1.  The identity of the reporting entity.
  2. The structure, operations and supply chains of the reporting entity.
  3. The risks of modern slavery practices in the operations and supply chains of the reporting entity, and any entities that the reporting entity owns or controls.
  4. The actions that were taken by the reporting entity and any entity that the reporting entity owns or controls, to assess and address those risks (including due diligence and remediation processes).
  5. How the reporting entity assesses the effectiveness of such actions.
  6. The process of consultation with any entities the reporting entity owns or controls or is issuing a joint modern slavery statement with.
  7. Any other information that the reporting entity, or the entity giving the statement, considers relevant.

These statements are then made available online, publicly accessible in a centralised and free register. The purpose of these statements is to raise awareness of modern slavery practices, force large businesses to consider their role in and impact on reducing slavery and, encourage constant improvement and leadership from Australian entities in the domestic and global markets.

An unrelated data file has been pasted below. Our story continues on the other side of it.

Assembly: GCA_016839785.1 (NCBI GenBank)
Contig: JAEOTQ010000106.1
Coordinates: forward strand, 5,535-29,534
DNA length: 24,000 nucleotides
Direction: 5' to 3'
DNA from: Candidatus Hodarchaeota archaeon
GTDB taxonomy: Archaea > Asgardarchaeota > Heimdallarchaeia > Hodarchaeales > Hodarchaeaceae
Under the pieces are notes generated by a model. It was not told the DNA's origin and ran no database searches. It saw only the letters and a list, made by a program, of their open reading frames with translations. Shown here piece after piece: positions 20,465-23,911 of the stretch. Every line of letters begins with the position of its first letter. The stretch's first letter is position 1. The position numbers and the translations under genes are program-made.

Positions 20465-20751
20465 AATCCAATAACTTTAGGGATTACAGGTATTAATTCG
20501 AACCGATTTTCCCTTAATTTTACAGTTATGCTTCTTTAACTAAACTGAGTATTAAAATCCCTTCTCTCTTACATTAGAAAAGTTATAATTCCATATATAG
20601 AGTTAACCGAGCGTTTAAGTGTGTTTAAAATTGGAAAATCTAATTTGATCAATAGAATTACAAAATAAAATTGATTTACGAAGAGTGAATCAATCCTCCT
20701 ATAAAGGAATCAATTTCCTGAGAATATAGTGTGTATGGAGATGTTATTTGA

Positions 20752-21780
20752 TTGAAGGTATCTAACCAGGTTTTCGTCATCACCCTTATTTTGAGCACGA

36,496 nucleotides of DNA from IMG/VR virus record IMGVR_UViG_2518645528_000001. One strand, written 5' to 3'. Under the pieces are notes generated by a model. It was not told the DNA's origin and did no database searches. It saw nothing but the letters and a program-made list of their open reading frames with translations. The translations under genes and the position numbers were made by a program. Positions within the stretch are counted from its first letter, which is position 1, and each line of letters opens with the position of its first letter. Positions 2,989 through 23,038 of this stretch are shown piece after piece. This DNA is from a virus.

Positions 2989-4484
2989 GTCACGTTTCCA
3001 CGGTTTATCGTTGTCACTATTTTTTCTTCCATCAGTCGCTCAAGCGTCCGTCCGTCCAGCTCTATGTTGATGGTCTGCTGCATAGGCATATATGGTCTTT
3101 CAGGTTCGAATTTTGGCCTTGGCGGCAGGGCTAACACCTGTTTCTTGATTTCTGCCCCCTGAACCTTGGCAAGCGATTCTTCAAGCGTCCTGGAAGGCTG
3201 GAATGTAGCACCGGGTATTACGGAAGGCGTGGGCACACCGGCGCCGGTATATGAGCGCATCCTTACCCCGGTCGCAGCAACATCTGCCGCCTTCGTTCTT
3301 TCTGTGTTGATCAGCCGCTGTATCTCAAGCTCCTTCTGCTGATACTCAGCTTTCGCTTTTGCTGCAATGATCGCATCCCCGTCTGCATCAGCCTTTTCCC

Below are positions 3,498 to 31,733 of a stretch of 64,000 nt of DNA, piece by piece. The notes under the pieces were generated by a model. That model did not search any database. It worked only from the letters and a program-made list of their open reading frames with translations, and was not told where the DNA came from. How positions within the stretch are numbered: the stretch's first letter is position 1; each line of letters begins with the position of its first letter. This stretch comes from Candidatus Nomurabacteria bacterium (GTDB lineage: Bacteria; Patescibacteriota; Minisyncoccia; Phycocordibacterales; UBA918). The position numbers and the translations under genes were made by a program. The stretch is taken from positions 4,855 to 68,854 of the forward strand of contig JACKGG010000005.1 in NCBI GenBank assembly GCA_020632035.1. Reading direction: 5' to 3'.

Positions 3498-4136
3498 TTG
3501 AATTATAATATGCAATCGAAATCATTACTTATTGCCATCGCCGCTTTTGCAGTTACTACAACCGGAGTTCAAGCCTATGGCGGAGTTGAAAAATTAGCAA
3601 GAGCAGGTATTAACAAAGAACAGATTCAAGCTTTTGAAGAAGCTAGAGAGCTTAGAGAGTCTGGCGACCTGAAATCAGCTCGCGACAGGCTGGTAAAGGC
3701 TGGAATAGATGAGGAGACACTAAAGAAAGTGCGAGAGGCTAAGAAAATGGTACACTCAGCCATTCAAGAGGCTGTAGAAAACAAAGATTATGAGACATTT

Commonwealth entities, including the Government, are also required to comply with this mandatory reporting requirement, and there is a mechanism for providing voluntary reports for any other business that wishes to contribute to the scheme.

When do entities need to report?

A modern slavery statement must be submitted within six months of the end of the relevant ‘reporting period’, which is an entity’s financial year. The statement must only relate to events and actions which fell within the reporting period.

The obligation to submit a modern slavery statement applied for the first full financial year after 1 January 2019. For entities with a July to June financial year, the deadline has already passed, but entities with a January to December financial year must submit their first statement (for the 2020 calendar year) by 30 June 2021.

This annual reporting requirement encourages continuous reflection and improvement over time.

Identifying and assessing risk

To prepare a modern slavery statement, an entity must consider its potential to cause, contribute to, or be directly linked to modern slavery through its operations and supply chains. It must identify the risks in its supply chains through geographical, industry and cultural factors, and determine what steps it can take to minimise those risks from eventuating. This must include consideration of due diligence for identifying, preventing and accounting for risk, as well as processes for remedying situations where the entity is found to have caused or contributed to modern slavery.